November 15, 2019 · Budget, Investment, Retirement
This is one of a series of upcoming posts covering important discussions involving money between family members. Over the course of our lives there are many conversations that children have with their parents that can be difficult for both of them, but are important, and these discussions often strongly affect their lives, both in the present and for the future. These discussions can cover a very broad range of topics, from choices in education and career to lifestyle choices, such as friends or moving to another state. We'll be talking here about those necessary financial discussions within the family, and providing some ideas on how to prepare for these talks and consider how their outcomes could meet the expectations for some—if not all—family members and friends.
One key conversation that sometimes is avoided until it is too late is talking about a parent's will. It’s extremely important that family members are aware of a parent's desires in the will and that they believe that the parent has carefully thought through who will manage the estate and how its assets will be distributed. The specifics of a will and how the estate is handled can be a cause of great disagreement within families and among family friends, and taking time to understand a parent's desires before the will is needed can help avoid negative emotions, arguments, and unpleasant actions both with heirs and with individuals that are not included in the will.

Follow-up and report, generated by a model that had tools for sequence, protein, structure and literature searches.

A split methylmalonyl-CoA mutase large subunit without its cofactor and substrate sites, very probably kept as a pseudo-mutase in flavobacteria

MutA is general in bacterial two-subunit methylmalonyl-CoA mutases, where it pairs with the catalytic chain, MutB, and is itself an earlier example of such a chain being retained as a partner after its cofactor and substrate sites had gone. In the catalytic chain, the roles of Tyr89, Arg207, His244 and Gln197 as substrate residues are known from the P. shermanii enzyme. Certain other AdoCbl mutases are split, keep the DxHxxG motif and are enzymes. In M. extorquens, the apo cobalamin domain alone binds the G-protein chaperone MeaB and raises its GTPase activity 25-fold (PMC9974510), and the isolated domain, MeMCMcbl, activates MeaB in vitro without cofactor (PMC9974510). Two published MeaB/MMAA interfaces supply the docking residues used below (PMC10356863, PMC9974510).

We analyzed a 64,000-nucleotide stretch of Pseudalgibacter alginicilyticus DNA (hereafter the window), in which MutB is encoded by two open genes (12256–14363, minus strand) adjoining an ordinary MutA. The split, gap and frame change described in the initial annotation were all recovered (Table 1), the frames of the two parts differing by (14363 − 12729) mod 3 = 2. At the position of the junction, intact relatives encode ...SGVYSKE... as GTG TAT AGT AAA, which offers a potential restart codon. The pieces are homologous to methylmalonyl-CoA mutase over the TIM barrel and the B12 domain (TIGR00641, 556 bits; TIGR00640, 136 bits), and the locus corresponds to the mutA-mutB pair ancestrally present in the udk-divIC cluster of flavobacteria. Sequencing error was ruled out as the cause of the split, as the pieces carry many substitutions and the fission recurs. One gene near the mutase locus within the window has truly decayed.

This is a sensitive topic that should be approached honestly and carefully. The goal is for the parent to be confident in their choices, while understanding that it can be useful to be presented with additional opinions that provide both valuable information and thoughtful opinions to consider.
Following are suggestions both for discussing this topic with a parent, along with important information to keep in mind, and possible actions to take before the will is needed:
Money may strongly affect how people think, feel and act. When money is involved in a family matter, it's important to have upfront, clear conversations, so all interested parties have the opportunity to present their points of view and feel that they have fully involved in the situation.